NEWS

 

SCHOOL NEWS

Read about what is happening at Latin!

Ballers in Action

The varsity boys and girls basketball teams were busy this week, taking on the Basis Red Giants on Thursday. In between the game, coaches recognized the senior athletes on the basketball, cheerleading, and track and field teams with a celebration in the annual Winter Senior Night. This is the first Winter Senior Night since 2019, because sadly Covid precautions prevented the last few events from taking place.  This week the boys’ team also played Washington Leadership Academy on Wednesday and Capital City on Friday. 

Track Races Ahead

The Varsity track team visited Liberty University for an invitational meet. The girls 4 X 400 relay, featuring seniors Isabel Charles, Claire Emanuel, junior Dami Akinsanya, and sophomore Lily Williams, ran their season best and qualified for States! Senior Owen Doherty scored a personal best in his 500 meter race, winning his heat and ranking No. 7 in the state. Doherty also has the 3rd fastest time in the state for the 800 meter race! Junior Tyler Davis won his heat as well in the 55 meter dash, scoring his own personal best. The team will travel to Georgetown Prep this weekend for the Private and Independent School Invitational. 

Spellers Ascend

Second Street Students will attend the Cluster Bee for Spelling Bee on February 9th at 12:30 at THEARC Main Theater in Southeast. The team will be lead by eighth graders Imanuel Brandon and Neila Wright and sixth grader Elena Kwon. The Second Street Spelling Bee was coordinated by 7th grade English teacher Ms. Peale.

Hot Off the Presses!

Cooper Campus published its second edition of the school newspaper The Mercury Press, and is hard at work on the third edition. The newspaper is helmed by Ms. Cox, who advised 5th and 6th graders in the club as part of the alternative Wednesday Arts Block. The Second Street Campus has also published two issues of the newspaper, Sumus Leones, and is working on producing a third issue next week. Sumus Leones is open to students in grades 5-12 and meets afterschool on Wednesdays, advised by Ms. Breitman.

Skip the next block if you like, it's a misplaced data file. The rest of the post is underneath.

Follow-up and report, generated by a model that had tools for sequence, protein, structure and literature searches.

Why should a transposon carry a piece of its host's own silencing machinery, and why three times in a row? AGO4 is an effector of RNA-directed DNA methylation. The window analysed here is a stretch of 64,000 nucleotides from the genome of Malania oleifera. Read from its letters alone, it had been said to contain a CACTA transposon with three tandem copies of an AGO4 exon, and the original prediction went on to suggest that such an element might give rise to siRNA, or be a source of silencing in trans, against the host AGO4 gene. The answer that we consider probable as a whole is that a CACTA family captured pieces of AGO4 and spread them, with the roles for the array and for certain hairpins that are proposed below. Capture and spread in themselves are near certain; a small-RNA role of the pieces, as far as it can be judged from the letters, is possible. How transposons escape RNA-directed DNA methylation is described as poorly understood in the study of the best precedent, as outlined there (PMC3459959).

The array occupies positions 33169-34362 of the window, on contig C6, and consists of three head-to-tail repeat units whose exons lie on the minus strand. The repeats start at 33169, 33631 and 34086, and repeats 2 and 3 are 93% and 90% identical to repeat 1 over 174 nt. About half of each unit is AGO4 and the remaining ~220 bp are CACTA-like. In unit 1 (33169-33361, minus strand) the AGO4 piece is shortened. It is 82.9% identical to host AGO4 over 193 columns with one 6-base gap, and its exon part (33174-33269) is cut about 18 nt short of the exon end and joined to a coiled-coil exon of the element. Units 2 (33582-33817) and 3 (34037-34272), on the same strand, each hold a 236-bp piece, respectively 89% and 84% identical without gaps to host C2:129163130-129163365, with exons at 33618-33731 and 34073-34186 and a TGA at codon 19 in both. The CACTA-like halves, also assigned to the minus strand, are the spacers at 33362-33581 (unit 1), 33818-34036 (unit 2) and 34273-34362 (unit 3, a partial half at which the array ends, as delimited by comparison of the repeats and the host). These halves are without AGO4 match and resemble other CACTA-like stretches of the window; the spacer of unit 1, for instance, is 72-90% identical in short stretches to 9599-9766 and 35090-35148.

New Arts Blocks Premier Soon

The Cooper Campus is gearing up for a new round of Arts Block offerings for Wonderful Wednesdays. Teachers have proposed and planned new classes that students will choose with ranked preferences. The first semester of Arts Block culminated with a showcase. New options include a Band Club, advised by Mr. Starnes and Mr. Evans, Creative Writing advised by Ms. Anderson and Ms. Nunn, Drawing Club, advised by Mr. Rios, Film Making advised by Ms. Maclay and Ms. Helck, a Gardening Club, advised by Mr. Jeremenko and Mr. Mey, Graphic Novels, advised by Mr. Thomas, Zines advised by Ms. Stewart, Sewing advised by Ms. Cox, Songwriting advised by Ms. Dowe, Survey in the Arts of DC, advised by Mr. Davis and Mr. Doyle, Watercolor Painting advised by Ms. Curley, Yoga and Meditation advised by Ms. Cottom and Mr. Della-Croce, and Yog and Wellness, lead by Ms. Gans and Ms. Adeosun. Students took a “gallery walk” to explore the new options for the second semester. In the spring there will be a second showcase for students to share their work from the second semester. 

Latin in the News

Read the latest media stories about our school.

DCist Coverage of COVID in DC Schools (featuring Ms. Fleming)

Who Should Provide Care For Students With COVID Symptoms In D.C. Schools?

PART OF FULL COVERAGE OF CORONAVIRUS IN D.C.
SEP 16, 4:08 PM

Martita Fleming keeps things running at Washington Latin Public Charter School. As director of operations, her job encompasses a lot — she makes sure classes have textbooks, that lights stay on, and the copier is running.

Fleming’s responsibilities expanded further when Washington Latin fully reopened for in-person learning last month. She and a small team of school deans and teachers oversee coronavirus testing and screening of students, and they monitor students who are isolating.

In short, Fleming is managing the school’s COVID-19 response almost entirely without help from a school nurse.

“It’s definitely a lot of effort and hours,” she said.

That’s because school nurses hired by the city are not allowed to monitor or treat students exhibiting COVID-19 symptoms, according to accounts from several school leaders. It has put administrators in the difficult position of deciding who should respond to students with symptoms inside their buildings. READ MORE

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